With the economic tumult that free-market reforms have brought to former communist countries, many women in the region have been forced from their jobs. RFE/RL correspondent Alexandra Poolos looks into the problem
Prague, 10 March 2000 (RFE/RL) -- Since the fall of communism in 1989, unemployment rates for women across eastern Europe and the former Soviet Union have skyrocketed.
According to a recent report by the United Nations Children's Fund (UNICEF), the women who have lost most jobs are in the countries that are furthest along the path of economic reform. In Hungary, a country of some 10 million people, women have lost close to one million jobs since 1989 --that's one-third of all the jobs they held under the old regime. The situation is similar in Ukraine and Russia, but in Azerbaijan and Uzbekistan, cautious reforms have protected state-supplied jobs for many women.
Under communism, women's participation in the work force was outstandingly high by international standards. In the Baltic republics, Russia, Ukraine, Belarus and Moldova, the gender gap in labor force participation rates was as low as that in Sweden -- the leader in job gender equality among Western nations. Across the communist region, women in the work-place had access to an extensive state-run system of family and child-care supports. That included lengthy paid maternity leave, family allowances attached to wages, and nursery, kindergarten and after-school services for children. Levels of educational achievement among women were high and standards of health care were relatively good.
Andy Newell, an economist at the University of Sussex in Britain, says that the large number of women working in the eastern bloc was part of a larger plan to increase the work force in communist countries:
"The history of women in the communist period, especially in Russia but it's true in eastern Europe as well -- that the system was designed to ensure economic growth in the communist framework. And the way that they did that was extensive growth and that meant that they wanted to get as many people working as possible. Female participation rose very rapidly during the 30s, 40s and 50s. And that was deliberately designed."
But despite these successes, gender discrimination still existed and it was never properly addressed by the communist authorities. Although women were encouraged to work, they often carried a double duty of home and work responsibilities. Data from the UNICEF report shows that the total workload of women in eastern Europe averaged close to 70 hours per week.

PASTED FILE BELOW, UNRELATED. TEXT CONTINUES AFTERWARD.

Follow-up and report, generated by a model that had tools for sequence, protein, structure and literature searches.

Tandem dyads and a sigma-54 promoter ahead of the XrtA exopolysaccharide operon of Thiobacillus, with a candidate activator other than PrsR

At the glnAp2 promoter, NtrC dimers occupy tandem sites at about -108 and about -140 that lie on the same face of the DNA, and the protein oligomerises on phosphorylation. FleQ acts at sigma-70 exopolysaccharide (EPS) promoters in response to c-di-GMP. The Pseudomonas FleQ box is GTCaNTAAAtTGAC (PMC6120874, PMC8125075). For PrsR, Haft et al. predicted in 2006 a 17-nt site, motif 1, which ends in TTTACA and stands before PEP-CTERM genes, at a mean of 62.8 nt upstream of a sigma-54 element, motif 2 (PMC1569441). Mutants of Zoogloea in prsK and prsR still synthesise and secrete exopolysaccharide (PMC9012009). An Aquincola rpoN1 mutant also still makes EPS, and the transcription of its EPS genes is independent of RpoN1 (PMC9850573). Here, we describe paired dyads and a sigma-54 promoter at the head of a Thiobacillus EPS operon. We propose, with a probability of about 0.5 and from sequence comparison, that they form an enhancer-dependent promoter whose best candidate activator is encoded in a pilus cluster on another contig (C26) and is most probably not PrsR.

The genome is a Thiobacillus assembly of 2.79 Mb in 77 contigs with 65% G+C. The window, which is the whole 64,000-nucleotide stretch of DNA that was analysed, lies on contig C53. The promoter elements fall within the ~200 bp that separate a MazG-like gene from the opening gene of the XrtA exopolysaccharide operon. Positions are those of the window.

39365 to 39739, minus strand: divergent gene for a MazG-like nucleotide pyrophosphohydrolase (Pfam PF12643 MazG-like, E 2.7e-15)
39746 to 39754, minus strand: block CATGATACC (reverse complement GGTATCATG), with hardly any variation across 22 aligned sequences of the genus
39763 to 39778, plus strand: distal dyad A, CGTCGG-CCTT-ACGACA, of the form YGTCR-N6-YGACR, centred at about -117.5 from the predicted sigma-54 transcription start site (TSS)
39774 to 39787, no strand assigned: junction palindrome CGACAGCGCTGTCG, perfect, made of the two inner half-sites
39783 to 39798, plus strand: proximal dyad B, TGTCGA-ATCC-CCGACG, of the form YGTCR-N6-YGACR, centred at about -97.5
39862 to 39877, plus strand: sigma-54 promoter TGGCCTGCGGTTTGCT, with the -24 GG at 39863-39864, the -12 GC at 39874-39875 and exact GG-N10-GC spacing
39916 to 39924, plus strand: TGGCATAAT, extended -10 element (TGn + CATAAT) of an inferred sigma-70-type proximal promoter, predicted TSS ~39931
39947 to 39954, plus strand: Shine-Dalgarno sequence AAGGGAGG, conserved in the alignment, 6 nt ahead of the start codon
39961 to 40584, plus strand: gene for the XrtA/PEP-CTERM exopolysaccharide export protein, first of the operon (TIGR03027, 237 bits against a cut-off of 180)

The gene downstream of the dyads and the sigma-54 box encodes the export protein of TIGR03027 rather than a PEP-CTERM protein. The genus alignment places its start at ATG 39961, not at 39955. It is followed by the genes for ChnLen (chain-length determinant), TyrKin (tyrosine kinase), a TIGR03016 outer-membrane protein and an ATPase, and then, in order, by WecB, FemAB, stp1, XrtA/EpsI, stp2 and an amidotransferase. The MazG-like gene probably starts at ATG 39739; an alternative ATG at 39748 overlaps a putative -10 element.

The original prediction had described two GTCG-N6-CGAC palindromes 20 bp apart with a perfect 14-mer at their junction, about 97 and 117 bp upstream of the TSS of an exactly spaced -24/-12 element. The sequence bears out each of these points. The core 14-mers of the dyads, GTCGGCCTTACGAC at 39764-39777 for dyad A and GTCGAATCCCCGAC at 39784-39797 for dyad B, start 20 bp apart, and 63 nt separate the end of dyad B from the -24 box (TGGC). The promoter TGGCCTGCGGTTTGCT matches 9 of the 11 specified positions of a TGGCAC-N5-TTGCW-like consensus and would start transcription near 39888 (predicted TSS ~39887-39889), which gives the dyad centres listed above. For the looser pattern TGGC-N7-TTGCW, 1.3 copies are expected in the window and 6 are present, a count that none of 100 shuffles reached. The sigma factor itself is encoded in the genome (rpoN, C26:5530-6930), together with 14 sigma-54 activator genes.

As communism collapsed and countries moved into economic turbulence. traditional stereotypes begin to resurface. The transition from communism immediately showed that there had been a real gender difference in employment. Not only were women the first to lose their jobs, when state companies began to be collapse they also encountered limited avenues for future employment. State subsidies for childcare and maternity leave disappeared almost immediately, making it difficult for women to leave the home.
Newell says that women are often crowded into professions traditionally open to them and shut out from industries where salaries are higher.
"Employment practices are still very sexist. There's a great deal of occupational segregation in these countries still. So women will be crowded into feminized industries -- health care, education, primary education especially -- and they won't be at all in other industries."
Like many other countries elsewhere, women earn less on average than men in former communist countries. According to a recent World Bank study, university-educated men in Poland on average earn about 40 percent more per month than educated women. In Latvia, women employed full-time bring home up to 32 percent less than men. In Croatia, women make up more than two-thirds of office workers and more than half of all low-skilled labor. The report says that the gender difference in pay is directly tied to a decrease in educational opportunities for women, which has resulted in women being clustered in low-paying jobs.
The picture is far brighter when it comes to women involved in the rising number of small business. UNICEF recently examined the number of women among entrepreneurs across the region. Its data shows that about one-quarter of all entrepreneurs are women. The numbers are consistent with those found in many developed market economies.
Newell says that women entrepreneurs are stepping forward to fill a huge service sector gap:
"There's this terrific shortage in everyday services -- things that we in the West would treat as completely normal. From hairdressing to mail services, all those personal services and financial services as well. There just wasn't very much of that. And entrepreneurs were hardly encouraged in the system. And so there was a terrible shortage of that kind of activity. And those are activities that are predominately done by women, made by women, even in the West. And so as they've grown, as they start from small enterprises, that's where you would expect to find the women."
Newell also says that before women's role in the workplace can improve, former communist countries must first build a stable economy. He says that women will survive the tumult of transition years. One major reason he cites is that, for him, they cope better with adversity. That means, Newell adds, that women are less shocked by the transition to a free market and have tried harder to find out what it is they can do.